President Obama signs the Daniel Pearl Freedom of Press Act while widow Mariane Pearl (L) and son Adam Daniel Pearl (2nd-L), stand nearby. (Getty Images)
Washington (CNN) - President Barack Obama signed legislation Monday expanding the federal government's role in monitoring global freedom of the press.
Obama signed the Daniel Pearl Freedom of the Press Act, which requires a greater examination of the status of press freedoms in different countries in the State Department's Annual Country Reports on Human Rights Practices.
Among other things, the State Department will now be required to "identify countries in which there were violations of press freedom; determine whether the government authorities of those countries participate in ... or condone the violations; and report the actions such governments have taken to preserve the safety and independence of the media," according to a statement from Sen. Chris Dodd, D-Connecticut, one of the bill's primary sponsors.
This is a "piece of legislation that sends a strong signal about our core values when it comes to freedom of the press," Obama said shortly before signing the bill in the Oval Office. It "puts us clearly on the side of journalistic freedom."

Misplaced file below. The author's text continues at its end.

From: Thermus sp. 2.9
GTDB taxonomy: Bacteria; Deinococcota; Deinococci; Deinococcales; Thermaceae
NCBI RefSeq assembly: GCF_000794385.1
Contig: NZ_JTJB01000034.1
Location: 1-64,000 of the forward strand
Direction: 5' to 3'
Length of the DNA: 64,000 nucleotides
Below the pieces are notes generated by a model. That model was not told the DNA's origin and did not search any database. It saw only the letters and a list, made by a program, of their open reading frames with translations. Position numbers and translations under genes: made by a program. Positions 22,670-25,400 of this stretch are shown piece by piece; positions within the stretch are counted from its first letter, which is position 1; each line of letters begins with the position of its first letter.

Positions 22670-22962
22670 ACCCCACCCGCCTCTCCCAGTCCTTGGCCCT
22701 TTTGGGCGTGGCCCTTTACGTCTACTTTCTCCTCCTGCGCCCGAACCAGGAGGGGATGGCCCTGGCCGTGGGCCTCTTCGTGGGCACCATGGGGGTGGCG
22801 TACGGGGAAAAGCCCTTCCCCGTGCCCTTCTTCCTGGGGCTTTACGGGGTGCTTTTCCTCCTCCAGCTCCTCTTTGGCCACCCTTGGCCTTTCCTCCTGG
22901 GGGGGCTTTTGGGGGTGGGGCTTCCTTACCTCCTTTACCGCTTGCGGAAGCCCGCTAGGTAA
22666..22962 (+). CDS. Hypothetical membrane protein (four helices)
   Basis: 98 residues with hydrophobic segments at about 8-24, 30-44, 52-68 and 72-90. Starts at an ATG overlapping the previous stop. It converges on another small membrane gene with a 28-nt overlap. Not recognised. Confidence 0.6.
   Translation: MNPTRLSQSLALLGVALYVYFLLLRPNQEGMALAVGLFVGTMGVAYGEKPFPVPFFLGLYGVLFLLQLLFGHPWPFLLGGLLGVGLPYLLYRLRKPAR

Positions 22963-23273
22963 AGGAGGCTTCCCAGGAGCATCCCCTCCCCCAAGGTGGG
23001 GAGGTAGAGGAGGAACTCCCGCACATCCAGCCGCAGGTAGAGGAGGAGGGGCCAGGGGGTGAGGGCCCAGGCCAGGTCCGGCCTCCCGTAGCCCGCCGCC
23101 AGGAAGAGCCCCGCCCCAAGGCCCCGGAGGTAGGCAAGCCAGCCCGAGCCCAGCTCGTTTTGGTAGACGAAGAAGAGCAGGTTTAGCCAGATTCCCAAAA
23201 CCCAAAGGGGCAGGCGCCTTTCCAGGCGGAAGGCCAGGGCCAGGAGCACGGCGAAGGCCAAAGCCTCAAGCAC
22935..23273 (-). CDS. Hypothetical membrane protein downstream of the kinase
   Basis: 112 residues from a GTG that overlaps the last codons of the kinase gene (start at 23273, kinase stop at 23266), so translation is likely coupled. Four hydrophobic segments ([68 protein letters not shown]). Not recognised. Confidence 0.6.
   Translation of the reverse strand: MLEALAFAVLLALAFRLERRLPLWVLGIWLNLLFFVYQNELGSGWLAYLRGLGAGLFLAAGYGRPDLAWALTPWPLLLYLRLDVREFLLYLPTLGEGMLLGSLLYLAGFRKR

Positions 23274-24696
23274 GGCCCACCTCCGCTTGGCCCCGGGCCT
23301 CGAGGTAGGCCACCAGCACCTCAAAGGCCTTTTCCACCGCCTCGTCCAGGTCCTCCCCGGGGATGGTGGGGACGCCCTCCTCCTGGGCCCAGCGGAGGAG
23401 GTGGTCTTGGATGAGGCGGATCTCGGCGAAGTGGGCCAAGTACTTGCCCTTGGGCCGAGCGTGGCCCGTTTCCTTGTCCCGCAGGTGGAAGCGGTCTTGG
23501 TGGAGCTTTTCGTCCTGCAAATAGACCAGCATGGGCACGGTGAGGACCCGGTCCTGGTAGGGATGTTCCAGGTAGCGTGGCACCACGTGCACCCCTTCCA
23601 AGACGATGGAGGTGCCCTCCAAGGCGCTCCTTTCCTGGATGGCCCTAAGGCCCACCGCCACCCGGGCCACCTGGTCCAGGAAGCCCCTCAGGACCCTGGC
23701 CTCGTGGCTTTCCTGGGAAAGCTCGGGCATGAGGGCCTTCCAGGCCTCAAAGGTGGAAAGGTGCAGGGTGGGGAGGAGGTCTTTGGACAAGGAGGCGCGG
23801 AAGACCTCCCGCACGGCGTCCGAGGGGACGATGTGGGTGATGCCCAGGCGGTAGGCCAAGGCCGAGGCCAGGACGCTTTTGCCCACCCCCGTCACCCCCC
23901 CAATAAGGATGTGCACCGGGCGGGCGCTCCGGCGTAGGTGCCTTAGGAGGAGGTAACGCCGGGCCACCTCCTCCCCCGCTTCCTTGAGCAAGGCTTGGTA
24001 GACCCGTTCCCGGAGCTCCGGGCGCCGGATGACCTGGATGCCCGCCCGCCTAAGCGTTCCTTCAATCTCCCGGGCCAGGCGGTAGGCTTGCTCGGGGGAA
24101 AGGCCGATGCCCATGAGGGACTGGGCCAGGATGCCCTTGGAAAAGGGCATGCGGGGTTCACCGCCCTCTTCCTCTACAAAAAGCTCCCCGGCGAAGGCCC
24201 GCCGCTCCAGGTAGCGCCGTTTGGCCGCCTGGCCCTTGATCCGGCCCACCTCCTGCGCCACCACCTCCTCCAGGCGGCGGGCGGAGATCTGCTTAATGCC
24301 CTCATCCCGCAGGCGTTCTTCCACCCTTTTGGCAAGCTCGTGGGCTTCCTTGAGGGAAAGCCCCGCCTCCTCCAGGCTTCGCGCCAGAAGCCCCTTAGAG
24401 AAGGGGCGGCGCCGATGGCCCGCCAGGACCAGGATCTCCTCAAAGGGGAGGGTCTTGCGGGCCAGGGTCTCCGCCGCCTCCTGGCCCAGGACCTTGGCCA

The measure is named for Daniel Pearl, a Wall Street Journal reporter who was murdered by extremists in Pakistan shortly after the September 11, 2001, terrorist attacks. Members of Pearl's family attended the signing ceremony.
Pearl's death "reminded us of how valuable a free press is, and reminded us there are those who would go to any length to silence journalists around the world," Obama said. There are "enormously courageous journalists and bloggers ... (on) the front lines against tyranny and oppression."
The Committee to Protect Journalists reports that 811 journalists have been killed worldwide while doing their jobs since 1992, the year the organization started keeping track of such incidents. Most of the casualties have come in Iraq, where 142 members of the media have lost their lives.